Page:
Sorry. I realize that I’m a few days behind in getting to this, but I want to share some of my thoughts from this years Pride before returning to my story. This year’s Pride was amazing. The temperature was in the mid to high 70’s. There was no rain. The protestors seem a little more pathetic each year. Oh yeah, and George Takei was there.
I was supposed to march with my school, The Methodist Theological School in Ohio, this year, but we couldn’t get a group together. Still, proud of the fact that they were an official sponsor of the event this year. So many in the LGBTQ community have been harmed by faith communities, and I think it makes a tremendous statement when an institution of higher theological learning voices its support in the fight for the full inclusion of all people in the life of the church.
|MTSO Logo in Pride Program (Photo Credit, David Allen)|
Since I was unable to march with MTSO, I opted to march with my own congregation from Broad Street United Methodist. It was good to be amongst familiar faces, especially in that tense moment when we all turn off of Front Street and onto Broad Street as we make our way up to High Street. That single block of Broad Street between Front and High is where the designated space for the protestors. They hold their signs and speak into their bull horns. There is a part of me that feels sorry for them.
|The Pride Contingent from Broad Street UMC|
While I never actually protested at a pride parade, despite invites to do so, it still wasn’t so very long ago that I saw the world a lens very similar to theirs. So badly, I just wish that they could set themselves free from the confines of the box that they have placed themselves into, to allow themselves to conceive of an understanding of God that is far grander and more loving than they have ever given themselves permission to perceive. I know that they can’t see things that way though, at least not yet. They have to be open to hearing that message and seeing the world in that way before anyone can ever guide them there.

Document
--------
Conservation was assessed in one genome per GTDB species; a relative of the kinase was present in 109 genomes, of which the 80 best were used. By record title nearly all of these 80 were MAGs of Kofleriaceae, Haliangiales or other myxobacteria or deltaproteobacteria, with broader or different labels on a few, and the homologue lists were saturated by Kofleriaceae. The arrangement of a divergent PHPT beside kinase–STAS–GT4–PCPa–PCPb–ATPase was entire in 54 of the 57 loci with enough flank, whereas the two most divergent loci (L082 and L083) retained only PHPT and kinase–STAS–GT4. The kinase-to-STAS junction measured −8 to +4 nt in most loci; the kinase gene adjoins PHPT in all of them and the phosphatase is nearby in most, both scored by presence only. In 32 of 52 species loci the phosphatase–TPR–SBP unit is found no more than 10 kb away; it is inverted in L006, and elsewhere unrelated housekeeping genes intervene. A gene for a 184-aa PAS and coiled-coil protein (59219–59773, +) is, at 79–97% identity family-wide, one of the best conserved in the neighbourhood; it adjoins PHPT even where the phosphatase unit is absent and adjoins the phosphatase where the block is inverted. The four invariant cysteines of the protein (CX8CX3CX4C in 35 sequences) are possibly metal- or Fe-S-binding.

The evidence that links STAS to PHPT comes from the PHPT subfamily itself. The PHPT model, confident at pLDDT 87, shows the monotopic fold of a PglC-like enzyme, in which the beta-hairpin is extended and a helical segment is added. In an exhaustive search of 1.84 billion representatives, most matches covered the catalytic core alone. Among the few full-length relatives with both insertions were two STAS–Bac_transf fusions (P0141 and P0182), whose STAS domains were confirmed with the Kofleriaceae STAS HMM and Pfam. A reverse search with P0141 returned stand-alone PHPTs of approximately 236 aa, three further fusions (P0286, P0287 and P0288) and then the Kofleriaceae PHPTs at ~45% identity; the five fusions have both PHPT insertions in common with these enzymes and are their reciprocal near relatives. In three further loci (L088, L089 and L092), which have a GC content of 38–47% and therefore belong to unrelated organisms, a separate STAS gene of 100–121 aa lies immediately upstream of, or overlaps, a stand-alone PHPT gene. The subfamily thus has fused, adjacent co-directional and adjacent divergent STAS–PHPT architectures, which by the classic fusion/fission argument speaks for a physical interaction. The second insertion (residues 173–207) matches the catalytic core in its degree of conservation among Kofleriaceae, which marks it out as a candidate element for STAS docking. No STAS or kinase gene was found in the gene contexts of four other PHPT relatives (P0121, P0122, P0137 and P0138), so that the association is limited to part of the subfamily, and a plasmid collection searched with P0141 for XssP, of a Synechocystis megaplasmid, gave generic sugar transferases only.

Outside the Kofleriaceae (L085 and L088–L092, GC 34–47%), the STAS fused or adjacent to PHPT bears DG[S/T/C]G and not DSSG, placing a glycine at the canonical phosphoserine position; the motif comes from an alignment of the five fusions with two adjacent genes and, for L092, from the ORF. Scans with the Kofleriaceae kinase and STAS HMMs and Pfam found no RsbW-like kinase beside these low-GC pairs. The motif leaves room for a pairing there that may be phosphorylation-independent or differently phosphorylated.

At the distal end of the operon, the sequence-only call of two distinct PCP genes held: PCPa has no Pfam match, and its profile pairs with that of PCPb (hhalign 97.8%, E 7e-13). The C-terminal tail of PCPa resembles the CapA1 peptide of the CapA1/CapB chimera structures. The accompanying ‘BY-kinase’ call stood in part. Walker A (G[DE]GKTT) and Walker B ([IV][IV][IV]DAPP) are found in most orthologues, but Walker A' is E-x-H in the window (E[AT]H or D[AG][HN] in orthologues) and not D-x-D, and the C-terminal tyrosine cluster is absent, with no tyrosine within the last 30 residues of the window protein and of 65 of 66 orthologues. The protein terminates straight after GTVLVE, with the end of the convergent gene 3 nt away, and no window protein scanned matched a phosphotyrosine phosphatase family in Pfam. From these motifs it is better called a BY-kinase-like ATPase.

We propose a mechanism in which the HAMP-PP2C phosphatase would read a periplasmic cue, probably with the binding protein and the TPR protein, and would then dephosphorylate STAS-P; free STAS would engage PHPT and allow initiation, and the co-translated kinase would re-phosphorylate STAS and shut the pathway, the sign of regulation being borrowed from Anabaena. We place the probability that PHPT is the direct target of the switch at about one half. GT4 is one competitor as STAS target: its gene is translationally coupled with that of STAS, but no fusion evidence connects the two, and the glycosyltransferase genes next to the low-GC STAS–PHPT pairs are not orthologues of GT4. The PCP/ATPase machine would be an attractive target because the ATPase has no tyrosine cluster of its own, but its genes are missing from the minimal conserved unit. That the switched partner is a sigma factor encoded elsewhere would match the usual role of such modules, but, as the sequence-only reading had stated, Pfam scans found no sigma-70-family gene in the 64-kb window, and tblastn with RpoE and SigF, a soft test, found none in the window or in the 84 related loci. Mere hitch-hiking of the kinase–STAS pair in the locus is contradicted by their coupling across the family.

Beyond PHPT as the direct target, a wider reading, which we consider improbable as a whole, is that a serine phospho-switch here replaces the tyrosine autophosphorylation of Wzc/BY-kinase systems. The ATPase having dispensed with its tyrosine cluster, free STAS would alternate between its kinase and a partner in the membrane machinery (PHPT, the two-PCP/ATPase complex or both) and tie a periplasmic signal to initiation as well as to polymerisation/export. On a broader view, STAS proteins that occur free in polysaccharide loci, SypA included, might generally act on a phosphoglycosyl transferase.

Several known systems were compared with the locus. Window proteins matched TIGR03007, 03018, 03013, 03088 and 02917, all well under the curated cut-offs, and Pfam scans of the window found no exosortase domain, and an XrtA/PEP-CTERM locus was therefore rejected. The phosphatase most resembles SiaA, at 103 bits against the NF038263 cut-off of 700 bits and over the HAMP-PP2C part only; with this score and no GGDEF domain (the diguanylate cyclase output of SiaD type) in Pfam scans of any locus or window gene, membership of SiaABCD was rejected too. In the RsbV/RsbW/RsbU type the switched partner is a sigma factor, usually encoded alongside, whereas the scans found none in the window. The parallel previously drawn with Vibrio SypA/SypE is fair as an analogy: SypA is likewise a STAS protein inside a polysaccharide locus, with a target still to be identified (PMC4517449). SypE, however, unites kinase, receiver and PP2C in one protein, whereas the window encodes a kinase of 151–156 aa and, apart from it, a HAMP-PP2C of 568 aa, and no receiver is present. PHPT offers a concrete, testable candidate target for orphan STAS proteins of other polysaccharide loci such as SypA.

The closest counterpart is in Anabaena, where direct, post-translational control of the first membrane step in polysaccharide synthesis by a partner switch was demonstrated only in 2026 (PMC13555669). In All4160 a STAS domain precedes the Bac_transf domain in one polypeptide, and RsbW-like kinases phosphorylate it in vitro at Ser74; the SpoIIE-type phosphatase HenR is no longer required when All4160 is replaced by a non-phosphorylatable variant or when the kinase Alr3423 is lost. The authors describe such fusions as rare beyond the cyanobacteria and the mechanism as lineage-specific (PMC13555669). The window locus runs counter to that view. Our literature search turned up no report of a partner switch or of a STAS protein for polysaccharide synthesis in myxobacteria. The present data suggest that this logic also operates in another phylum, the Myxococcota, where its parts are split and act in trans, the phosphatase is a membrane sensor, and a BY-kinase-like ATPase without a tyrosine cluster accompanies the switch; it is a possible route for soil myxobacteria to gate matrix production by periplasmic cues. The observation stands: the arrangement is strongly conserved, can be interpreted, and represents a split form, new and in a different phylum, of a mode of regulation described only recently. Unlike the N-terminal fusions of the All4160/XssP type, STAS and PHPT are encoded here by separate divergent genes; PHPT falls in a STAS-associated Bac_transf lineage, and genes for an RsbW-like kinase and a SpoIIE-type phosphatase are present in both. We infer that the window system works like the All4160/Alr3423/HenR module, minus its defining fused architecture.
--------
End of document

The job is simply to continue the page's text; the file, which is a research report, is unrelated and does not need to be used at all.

|Photo Credit, Brittany Stigler|
|Photo Credit, Brittany Stigler|
Every year, I just want to walk up to them and ask, “Does this really work?” Even assuming that they are correct, and all practicing LGBTQ people are on the fast-track to eternal damnation, is their method of communicating their message really effective. Does anyone ever walk up to an angry person with a bullhorn, fall to their knees on a sidewalk, and say, “I need Jesus.” Even if they are on the right side of things, I think they could all use a few courses in marketing. Their delivery leaves a little to be desired.
|George Takei, Grand Marshal of the 2014 Columbus Pride Parade (Photo Credit, David Allen)|
After having left the protestors behind, the march down High Street was exhilarating. As I would hear George Takei remark at the Stonewall Pride Brunch on Sunday, it was an “Oh my! moment.” Lining both sides of the street, as far as the eye could see, was just a mass of people. The spectators seemed to press out into the streets further than I ever remember them doing so in the past. Police officers along the parade route pressed the spectators back onto the sidewalks. Conservative estimates place the crowd at over 450,000 people. Columbus is such an amazingly supportive community anyway, but, on Pride weekend, the city’s love of the gay community is felt especially strong.